British finance minister Philip Hammond will come as Prime Minister Theresa May’s representative, while Germany and France will send high-level representatives.

Wang confirmed Philippine President Rodrigo Duterte as one of the leaders coming, along with the Spanish, Greek, Hungarian, Serb and Polish prime ministers and Swiss and Czech presidents.

“This is an economic cooperation forum, an international cooperation platform that everyone is paying attention to, supports and hopes to participate in,” Wang said.

“One Belt, One Road is to date the most important public good China has given to the world, first proposed by China but for all countries to enjoy,” said.

“The culture and historical genes of One Belt, One Road come from the old Silk Road, so it takes Eurasia as its main region,” he said, adding that representatives of 110 countries would attend the forum.

A section of the New Silk Road is in Pakistan, where some projects run through the disputed Kashmir region.

Wang dismissed concerns, saying the Pakistan project had no direct connection to the dispute and India was welcome to participate in the New Silk Road.

“Indian friends have said to us that One Belt, One Road is a very good suggestion,” he said.

During the forum, China is expected to sign cooperative documents with nearly 20 countries and more than 20 international organizations, Wang told reporters.

China will work with countries along the route on action plans concerning infrastructure, energy and resources, production capacity, trade and investment, which will help to turn the grand blueprint into a clear roadmap, he said.

Another task of the forum will be to push forward delivery of cooperative projects, Wang said.

During the forum, parties will identify major cooperative projects, set up working groups and establish an investment cooperation center.

China will also work with all parties on a set of measures that will include improved financial cooperation, a cooperation platform for science, technology and environmental protection, and enhanced exchanges and training of talent.

Participants will sign financing agreements to support their cooperative projects, Wang said.

China will use the forum to build a more open and efficient international cooperation platform; a closer, stronger partnership network; and to push for a more just, reasonable and balanced international governance system, Wang said.

The Army’s New Glasses Can Switch From Light To Dark Tint In Under A Second

(THIS ARTICLE IS COURTESY OF TASK AND PURPOSE’S WEBSITE)

The Army’s New Glasses Can Switch From Light To Dark Tint In Under A Second

on April 17, 2017

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The Army is pulling out all the stops in its race to make soldiers look as futuristic as possible — and be as safe as possible. Part of the Soldier Protection System, there’s new armor in the works, as well as a new helmet, which looks it was pulled from science fiction, or Airsoft. But the service isn’t forgetting the little things, like the importance of seeing what you’re shooting at, which is why it’s creating new glasses and goggles.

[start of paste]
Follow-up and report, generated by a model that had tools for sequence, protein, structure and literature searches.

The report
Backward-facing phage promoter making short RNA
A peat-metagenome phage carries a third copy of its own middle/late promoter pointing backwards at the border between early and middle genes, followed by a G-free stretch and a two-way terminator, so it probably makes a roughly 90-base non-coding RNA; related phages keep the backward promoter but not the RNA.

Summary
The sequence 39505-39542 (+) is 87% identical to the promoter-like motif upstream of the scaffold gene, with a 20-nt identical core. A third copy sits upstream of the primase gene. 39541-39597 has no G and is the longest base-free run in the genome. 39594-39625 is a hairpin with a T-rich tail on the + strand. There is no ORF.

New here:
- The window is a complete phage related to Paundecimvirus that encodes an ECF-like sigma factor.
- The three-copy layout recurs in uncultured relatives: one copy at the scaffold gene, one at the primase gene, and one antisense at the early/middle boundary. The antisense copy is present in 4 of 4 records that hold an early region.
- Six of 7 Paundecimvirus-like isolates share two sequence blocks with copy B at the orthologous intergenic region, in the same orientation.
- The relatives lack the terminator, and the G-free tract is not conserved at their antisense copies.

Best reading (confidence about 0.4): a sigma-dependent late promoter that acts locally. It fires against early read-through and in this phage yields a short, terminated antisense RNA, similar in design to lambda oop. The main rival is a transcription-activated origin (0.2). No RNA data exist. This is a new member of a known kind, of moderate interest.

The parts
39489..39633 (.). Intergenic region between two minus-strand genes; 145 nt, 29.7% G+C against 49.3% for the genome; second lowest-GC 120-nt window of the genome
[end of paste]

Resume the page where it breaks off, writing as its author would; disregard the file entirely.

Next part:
Because the new helmet’s visor isn’t tinted, the new eyewear, officially called Transition Combat Eye Protection, automatically switches from a clear setting to a dark tint, and then back again, depending on the amount of light, according to PEO Soldier.

 

In less than a second, soldiers operating in sunny arid environments will be able to adjust quickly and easily, without carrying around multiple expensive glasses that are just going to get lost.

RELATED: THE ARMY JUST STARTED PRODUCING ITS BRAND NEW BALLISTICS HELMET_ »

At $200 a piece, soldiers will have just one expensive piece of gear to lose. What could go wrong? The eyewear won’t be on the list of items soldiers are required to carry, according to Army Times, but they’re authorized to use and commanders can purchase them for their troops if they want to, because that’s sure to happen.

Full body armor Soldier Protection System poster

Looking at the glasses and goggles, then back to the helmet, it does make you wonder: If the idea is to help soldiers operate more easily in varying light conditions, it would be a bit of a pain to get to the button on the eyewear to turn it on, especially while wearing a helmet which encases your head. Fortunately, once the glasses or goggles are on, the transition is automatic. Just don’t forget to activate them before heading out.

The article has been updated to clarify that the TCEP system transitions from light to dark automatically once turned on, according to a statement received from PEO Soldier after publication.  (Updated 4/17/17, 3:18 pm EST).

The Army’s New Modified Stryker Has A Special Laser Surprise For ISIS

(THIS ARTICLE IS COURTESY OF TASK AND PURPOSE WEBSITE)

The Army’s New Modified Stryker Has A Special Laser Surprise For ISIS

on April 17, 2017

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In their fight against ISIS, American troops face a dangerous and unpredictable new threat on foreign battlefields: weaponized drones specially designed for suicide missions. And while all branches of the military are exploring advanced gear for combat troops that will counter the new threat of “flying IEDs,” the Army has already whipped up a special armored vehicle to keep soldiers out of harm’s way.

Last week, the Army unveiled a specially modified Stryker Infantry Carrier Vehicle (ICV) prototype outfitted with a special surprise for ISIS militants: an experimental laser weapon that can shoot down enemy drones without firing a single round — or making a sound.